“So live your life that the fear of death can never enter your heart. Trouble no one about their religion; respect others in their view, and demand that they respect yours. Love your life, perfect your life, beautify all things in your life. Seek to make your life long and its purpose in the service of your people. Prepare a noble death song for the day when you go over the great divide. Always give a word or a sign of salute when meeting or passing a friend, even a stranger, when in a lonely place. Show respect to all people and grovel to none.” – Tecumseh (Native American Indian)

Until recently, I had never heard of a death song. A death song is a final prayer. I have come across several accounts of white men observing Native American warriors singing a song when it was apparent they were going to die. I did manage to find some reports that said a warrior would continue singing their song, usually in a high-pitched, wailing sort of way, until their actual death.

My curiosity has been peaked, and I googled “death song.” I learned all about heavy metal bands and all sorts of other not so interesting items about which I would have been just as happy never learning. However, I did finally learn that death songs are better described as a song that welcomes ones death. I am not trying to be hokey, but kind of, like when, in the old western movies, the Indian chief would turn to their fellow warriors and say something like, “Today is a good day to die.”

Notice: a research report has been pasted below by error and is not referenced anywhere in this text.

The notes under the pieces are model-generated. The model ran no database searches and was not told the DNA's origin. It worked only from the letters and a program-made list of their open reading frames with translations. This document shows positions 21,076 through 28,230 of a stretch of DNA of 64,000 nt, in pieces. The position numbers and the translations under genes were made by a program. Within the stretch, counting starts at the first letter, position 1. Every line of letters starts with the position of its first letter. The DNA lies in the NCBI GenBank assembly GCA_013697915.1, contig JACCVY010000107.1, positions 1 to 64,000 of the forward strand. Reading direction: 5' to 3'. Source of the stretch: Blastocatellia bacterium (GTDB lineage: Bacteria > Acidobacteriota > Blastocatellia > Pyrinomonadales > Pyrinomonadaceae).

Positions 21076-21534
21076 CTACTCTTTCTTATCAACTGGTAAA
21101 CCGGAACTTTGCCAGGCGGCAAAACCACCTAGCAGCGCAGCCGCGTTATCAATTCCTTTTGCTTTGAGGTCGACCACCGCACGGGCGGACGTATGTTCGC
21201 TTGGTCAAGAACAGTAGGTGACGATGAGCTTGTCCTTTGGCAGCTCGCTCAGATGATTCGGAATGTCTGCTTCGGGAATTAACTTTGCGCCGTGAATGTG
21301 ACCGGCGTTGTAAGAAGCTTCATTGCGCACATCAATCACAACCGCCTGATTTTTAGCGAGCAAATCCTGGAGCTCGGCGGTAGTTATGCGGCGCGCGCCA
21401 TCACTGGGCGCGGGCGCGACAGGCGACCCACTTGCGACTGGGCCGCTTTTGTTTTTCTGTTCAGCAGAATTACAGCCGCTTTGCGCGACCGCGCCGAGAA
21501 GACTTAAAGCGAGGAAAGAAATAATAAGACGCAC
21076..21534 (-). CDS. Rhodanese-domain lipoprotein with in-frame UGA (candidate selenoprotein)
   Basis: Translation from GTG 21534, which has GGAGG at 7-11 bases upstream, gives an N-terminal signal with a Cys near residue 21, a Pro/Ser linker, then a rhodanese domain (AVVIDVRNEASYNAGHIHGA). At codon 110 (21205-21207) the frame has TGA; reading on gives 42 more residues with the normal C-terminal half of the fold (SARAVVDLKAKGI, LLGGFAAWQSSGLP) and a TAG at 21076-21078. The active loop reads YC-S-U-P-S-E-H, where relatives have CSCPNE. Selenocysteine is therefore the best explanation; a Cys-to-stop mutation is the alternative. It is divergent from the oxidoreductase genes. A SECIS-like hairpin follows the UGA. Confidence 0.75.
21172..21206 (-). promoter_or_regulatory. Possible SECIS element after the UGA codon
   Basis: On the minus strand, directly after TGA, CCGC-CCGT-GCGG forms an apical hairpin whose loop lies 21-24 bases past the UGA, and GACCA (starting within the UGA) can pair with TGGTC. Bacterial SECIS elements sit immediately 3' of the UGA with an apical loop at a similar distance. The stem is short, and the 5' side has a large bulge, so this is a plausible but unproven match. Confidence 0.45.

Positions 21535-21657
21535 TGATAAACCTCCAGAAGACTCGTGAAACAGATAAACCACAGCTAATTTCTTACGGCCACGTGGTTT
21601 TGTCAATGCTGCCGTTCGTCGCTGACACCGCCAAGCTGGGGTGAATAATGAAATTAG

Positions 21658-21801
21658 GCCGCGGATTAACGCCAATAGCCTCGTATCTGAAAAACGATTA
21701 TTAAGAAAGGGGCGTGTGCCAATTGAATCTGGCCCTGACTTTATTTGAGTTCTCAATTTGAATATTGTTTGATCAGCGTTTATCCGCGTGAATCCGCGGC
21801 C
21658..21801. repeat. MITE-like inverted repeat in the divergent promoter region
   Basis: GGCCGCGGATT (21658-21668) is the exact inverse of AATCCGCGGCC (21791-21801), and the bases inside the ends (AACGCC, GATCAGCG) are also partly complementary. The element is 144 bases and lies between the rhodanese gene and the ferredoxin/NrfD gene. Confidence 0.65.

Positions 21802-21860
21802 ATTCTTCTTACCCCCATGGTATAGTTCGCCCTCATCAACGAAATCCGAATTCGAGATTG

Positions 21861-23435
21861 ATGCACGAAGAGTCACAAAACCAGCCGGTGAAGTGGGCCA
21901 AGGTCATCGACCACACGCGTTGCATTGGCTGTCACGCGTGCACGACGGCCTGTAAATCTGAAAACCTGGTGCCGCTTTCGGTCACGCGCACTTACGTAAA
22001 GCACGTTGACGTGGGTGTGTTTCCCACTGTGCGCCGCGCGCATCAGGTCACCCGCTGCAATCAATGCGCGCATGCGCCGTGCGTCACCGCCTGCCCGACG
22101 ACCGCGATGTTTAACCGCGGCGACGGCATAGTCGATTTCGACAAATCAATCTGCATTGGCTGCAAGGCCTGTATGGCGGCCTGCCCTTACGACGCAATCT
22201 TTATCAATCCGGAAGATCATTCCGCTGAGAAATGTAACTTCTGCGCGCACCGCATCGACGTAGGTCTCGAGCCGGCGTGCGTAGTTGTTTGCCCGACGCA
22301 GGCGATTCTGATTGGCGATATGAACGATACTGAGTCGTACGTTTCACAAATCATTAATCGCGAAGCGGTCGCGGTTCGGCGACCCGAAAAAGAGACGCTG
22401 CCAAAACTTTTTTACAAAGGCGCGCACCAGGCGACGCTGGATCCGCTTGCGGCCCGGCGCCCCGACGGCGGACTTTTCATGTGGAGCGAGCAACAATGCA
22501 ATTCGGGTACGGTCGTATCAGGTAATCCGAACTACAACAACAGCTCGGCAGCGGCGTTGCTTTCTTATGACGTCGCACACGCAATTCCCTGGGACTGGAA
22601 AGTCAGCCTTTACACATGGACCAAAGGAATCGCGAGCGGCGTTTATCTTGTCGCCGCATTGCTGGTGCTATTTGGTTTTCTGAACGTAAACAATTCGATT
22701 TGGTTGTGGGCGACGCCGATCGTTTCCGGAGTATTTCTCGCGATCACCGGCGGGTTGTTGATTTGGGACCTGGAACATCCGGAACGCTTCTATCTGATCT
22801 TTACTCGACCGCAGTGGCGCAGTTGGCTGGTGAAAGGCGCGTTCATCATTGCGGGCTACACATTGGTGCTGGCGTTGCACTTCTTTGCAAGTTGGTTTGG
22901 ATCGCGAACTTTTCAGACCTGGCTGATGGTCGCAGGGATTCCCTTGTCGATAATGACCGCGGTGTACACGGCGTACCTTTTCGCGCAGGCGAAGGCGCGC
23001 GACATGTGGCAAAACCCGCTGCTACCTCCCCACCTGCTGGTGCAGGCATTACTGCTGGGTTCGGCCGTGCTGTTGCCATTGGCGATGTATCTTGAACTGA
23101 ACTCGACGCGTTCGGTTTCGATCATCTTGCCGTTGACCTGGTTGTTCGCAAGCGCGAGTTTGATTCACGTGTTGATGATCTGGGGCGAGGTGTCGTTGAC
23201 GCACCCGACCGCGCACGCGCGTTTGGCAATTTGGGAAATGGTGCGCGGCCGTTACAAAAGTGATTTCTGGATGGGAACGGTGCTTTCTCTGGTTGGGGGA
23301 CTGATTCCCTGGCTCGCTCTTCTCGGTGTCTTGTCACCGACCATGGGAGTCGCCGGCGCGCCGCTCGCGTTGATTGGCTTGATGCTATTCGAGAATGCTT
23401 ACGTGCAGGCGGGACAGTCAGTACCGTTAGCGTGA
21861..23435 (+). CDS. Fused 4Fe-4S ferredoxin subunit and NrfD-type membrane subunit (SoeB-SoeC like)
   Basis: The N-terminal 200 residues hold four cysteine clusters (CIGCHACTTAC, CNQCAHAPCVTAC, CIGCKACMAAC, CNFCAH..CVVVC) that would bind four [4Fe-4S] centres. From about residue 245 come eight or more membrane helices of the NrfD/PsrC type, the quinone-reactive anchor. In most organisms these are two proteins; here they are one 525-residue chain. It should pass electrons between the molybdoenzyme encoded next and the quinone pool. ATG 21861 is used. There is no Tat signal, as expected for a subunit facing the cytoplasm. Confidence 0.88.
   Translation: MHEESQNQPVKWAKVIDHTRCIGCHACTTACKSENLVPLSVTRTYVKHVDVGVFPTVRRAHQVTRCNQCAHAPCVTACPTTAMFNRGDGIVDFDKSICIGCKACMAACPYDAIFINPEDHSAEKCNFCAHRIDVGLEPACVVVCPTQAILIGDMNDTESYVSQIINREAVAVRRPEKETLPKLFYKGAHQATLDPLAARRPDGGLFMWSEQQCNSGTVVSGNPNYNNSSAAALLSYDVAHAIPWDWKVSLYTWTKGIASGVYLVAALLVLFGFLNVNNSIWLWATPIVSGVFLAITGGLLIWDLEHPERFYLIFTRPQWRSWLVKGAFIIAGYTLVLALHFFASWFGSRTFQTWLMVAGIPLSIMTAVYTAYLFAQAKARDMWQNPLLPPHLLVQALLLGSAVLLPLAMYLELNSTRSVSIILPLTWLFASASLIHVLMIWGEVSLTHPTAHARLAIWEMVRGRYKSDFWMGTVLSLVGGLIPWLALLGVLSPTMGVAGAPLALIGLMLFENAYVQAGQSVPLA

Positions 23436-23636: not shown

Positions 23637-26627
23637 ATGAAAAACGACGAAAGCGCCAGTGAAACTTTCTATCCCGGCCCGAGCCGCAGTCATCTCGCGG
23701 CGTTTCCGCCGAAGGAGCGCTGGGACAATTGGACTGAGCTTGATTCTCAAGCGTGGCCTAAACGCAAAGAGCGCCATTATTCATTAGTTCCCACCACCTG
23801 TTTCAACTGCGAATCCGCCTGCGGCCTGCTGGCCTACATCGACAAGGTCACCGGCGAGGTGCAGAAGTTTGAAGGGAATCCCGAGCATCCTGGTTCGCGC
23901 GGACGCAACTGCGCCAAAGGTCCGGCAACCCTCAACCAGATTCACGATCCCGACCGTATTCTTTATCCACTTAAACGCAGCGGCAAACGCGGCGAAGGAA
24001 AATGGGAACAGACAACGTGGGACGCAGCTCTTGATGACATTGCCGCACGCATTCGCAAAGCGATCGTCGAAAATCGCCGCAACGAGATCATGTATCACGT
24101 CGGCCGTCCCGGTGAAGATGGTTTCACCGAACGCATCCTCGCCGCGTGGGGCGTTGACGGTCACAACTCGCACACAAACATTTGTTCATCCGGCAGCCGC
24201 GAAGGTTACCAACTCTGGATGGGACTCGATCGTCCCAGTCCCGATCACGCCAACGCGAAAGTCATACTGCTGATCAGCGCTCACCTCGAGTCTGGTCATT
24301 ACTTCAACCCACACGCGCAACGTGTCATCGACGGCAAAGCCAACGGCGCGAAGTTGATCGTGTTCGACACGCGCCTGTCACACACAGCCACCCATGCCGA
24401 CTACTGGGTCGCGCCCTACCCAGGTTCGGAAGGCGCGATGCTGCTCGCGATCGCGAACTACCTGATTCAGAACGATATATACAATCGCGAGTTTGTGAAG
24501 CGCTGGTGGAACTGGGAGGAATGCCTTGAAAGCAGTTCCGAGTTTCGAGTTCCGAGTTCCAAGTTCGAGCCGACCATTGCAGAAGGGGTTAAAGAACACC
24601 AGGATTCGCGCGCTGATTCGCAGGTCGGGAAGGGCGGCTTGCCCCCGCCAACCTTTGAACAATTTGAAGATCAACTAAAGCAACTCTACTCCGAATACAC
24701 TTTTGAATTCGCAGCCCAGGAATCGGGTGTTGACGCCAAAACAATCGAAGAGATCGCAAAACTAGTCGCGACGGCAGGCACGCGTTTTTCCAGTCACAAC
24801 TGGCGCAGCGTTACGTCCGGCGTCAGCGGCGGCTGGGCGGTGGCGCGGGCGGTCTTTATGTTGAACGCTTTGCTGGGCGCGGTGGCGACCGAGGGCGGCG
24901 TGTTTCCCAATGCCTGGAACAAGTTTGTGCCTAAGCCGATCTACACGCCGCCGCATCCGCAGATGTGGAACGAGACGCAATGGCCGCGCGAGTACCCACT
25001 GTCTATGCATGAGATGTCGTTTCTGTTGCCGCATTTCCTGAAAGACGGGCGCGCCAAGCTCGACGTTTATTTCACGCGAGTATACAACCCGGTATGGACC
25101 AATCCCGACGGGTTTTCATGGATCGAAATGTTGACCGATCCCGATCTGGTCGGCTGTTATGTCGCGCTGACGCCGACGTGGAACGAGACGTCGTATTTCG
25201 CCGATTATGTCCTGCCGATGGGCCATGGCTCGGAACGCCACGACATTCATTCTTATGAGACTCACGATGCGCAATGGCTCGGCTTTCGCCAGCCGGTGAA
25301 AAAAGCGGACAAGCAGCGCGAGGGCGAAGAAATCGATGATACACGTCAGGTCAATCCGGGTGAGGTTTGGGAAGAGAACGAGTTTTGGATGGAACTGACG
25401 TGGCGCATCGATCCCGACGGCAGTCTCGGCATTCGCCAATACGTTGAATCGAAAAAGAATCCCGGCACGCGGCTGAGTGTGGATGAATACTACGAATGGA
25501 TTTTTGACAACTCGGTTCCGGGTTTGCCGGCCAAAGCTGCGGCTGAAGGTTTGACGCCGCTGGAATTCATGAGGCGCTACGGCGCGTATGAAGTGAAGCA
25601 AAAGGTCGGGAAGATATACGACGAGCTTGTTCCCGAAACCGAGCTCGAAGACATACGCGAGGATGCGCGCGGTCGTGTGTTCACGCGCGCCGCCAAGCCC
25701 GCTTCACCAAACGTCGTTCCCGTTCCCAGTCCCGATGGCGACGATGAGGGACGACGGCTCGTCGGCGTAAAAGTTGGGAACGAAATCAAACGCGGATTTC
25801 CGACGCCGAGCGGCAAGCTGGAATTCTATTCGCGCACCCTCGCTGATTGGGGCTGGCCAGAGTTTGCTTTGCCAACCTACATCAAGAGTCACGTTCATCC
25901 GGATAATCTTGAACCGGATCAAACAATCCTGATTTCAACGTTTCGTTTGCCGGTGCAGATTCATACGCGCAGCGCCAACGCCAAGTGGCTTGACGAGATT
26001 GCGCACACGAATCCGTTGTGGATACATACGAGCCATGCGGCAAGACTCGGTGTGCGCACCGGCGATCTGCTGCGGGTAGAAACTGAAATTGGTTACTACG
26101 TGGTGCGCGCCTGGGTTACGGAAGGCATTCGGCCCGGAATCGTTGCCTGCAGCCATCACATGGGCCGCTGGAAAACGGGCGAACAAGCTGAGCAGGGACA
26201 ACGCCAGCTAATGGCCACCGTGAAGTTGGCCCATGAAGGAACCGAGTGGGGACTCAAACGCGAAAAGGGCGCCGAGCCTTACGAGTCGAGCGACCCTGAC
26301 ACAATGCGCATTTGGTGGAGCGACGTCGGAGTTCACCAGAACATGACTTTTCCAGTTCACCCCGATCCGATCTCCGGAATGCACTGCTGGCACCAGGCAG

Welcoming death is a strange concept for many of us “modern day” westerners. We struggle to find ways to extend life, often without regard to the costs, pain and related consequences. Death is alien, to be fought against and never accepted. Despite this, I do guarantee that every one of us will die.

Why do we have such difficulty accepting our own mortality? We view death as an end, but in reality, death is part of the continuum. Life is a cycle, starting with birth and moving on to death. In all honesty, I started writing that life is a cycle, starting with birth and ending with death, but that statement would have only played into my personal fight and resistance to death. This resistance is very hard to change.

I wonder if writing my own personal death song would help me to reset my brain to see my eventual death as a welcomed part of the process in the complete cycle of life. I am going to try. I do not know how to start, but I am going to work on it.

Joel T Nowak MA, MSW